On Thursday, he handled media requests so that administrators in direct contact with London could focus on their work. Evacuation was not necessary Thursday, as all 64 students were located quickly. He said gimmicks sometimes encourage students to leave detailed information about their whereabouts. “We have a raffle,” he said. “Maybe the prize is pony riding in Wales, and to be eligible for the drawing, students have to leave their information. It works.”
The Weis School of Business at Susquehanna University in Selinsgrove, Pennsylvania, sends students to London each year. Jim Brock, dean of Weis, said that most of his students are from rural communities, and face a daunting adjustment even without terrorism. Still, he has received no requests to remove students from the program. “I still consider not locking doors and muggers a bigger risk for our students than terrorism,” Brock said.
Webster University in St. Louis has campuses in nine foreign countries, all equipped with satellite phones. Three of the four explosions Thursday were within a mile of the university’s London campus. Webster had students in Japan during the sarin gas attack in the subway in 1995, students in Thailand during the tsunami, and had to close its campus in Shanghai during the SARS epidemic.
“This is one event on a continuum for us,” said Richard S. Meyers, president, who said health issues like SARS are far more likely to keep students away. After 9/11, Webster began regular contact with embassies and police forces abroad. It also hired security companies to assess campus safety on every front from night lighting, to public displays of American flags and Yankees gear. “You have to be aware enough not to come off as the ugly American trying to take over the world,” Meyers said. He added that neither tsunamis nor terrorism have had any effect on the number of American students going abroad, but he does think that there will be repercussions for students from some other countries.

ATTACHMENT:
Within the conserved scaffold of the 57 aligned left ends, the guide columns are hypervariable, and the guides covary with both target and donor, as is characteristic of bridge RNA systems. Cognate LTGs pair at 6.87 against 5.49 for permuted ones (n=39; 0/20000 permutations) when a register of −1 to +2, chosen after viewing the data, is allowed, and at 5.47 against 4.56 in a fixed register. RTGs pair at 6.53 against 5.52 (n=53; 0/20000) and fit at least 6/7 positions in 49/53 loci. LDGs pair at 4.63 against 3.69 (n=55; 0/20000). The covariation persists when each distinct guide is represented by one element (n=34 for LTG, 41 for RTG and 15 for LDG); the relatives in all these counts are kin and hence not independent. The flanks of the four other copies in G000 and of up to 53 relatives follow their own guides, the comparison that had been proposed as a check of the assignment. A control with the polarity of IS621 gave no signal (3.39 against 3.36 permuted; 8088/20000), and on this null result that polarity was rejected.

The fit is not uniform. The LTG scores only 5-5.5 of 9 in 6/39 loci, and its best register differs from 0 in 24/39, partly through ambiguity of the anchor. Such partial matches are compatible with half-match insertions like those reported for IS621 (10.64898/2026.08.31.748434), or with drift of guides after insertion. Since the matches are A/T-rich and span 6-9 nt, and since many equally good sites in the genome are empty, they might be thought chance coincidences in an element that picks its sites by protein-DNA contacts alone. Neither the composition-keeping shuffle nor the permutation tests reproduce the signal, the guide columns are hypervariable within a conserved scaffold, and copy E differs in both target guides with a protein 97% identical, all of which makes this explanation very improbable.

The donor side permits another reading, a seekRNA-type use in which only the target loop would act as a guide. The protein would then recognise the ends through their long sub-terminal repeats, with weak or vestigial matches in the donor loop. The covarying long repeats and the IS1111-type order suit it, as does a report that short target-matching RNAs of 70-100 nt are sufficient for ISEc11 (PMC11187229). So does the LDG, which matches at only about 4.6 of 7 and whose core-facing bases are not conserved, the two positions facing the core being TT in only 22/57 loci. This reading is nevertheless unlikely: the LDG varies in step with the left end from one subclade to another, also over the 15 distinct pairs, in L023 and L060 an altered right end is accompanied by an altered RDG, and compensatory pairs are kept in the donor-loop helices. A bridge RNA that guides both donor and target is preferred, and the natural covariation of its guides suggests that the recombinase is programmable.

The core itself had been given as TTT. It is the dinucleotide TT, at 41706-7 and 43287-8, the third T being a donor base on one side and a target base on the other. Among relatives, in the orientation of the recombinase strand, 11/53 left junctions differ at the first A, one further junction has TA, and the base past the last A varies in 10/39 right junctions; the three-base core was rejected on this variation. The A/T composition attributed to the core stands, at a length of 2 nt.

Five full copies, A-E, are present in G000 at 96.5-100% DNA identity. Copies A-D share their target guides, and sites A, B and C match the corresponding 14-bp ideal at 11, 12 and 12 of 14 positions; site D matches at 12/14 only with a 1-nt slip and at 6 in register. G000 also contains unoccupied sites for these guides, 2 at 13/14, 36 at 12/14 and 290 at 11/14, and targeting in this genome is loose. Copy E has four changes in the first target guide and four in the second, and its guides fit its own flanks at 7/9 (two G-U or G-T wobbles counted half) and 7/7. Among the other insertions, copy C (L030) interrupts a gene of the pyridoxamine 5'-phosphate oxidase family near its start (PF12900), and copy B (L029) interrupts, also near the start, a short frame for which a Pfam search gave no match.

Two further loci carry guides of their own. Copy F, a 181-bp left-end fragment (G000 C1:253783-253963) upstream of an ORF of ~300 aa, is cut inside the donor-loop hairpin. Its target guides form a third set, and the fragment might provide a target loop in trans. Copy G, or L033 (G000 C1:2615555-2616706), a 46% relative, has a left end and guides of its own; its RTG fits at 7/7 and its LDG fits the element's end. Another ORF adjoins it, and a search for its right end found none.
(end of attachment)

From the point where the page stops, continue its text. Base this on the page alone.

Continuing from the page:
“Parents in Japan are very involved in the destination of students,” Meyers said. “After 9/11, there was a lot of concern about safety in the U.S. Now that London’s involved, and you can probably extend that to Europe, I think this will have an effect for Japanese students, and maybe Korean and Vietnamese students as well.” He said some of those students might choose Australia or Canada, instead of the United States or Europe. “The students will still go somewhere. Japan is an island, and they know their only survival is to be a global citizen,” Meyers said.
“We can’t guarantee any place is safe, not even our campus here,” said Buschman. “But I think students sometimes realize from events like this that it’s even more important for them to study other cultures.”
Added Meyers: “It’s absolutely needed for your education. Students, have to be aware that we are not loved, and the government is not loved or even respected in a lot of areas.”
Sadly, American colleges have experience at home with terrorism. On 9/11, nine people associated with the Borough of Manhattan Community College were killed. Since then, the college has regrouped, increased enrollment, and taken on new roles -- such as helping the state with communications needs should there be another emergency in lower Manhattan. Pat Willard, director of public relations, said, “You hate to say something good came out of something so horrible, but it’s something we were proud of." Her advice to London programs? “The best way to fight back is to get back to normal life.” And that seems to be what is already happening.
As for the Yanks, according to several students in London for the summer, Yankees hats appear to be one of the most popular items of clothing among resident Londoners -- a “great way to fit in,” rather than stand out, according to one student.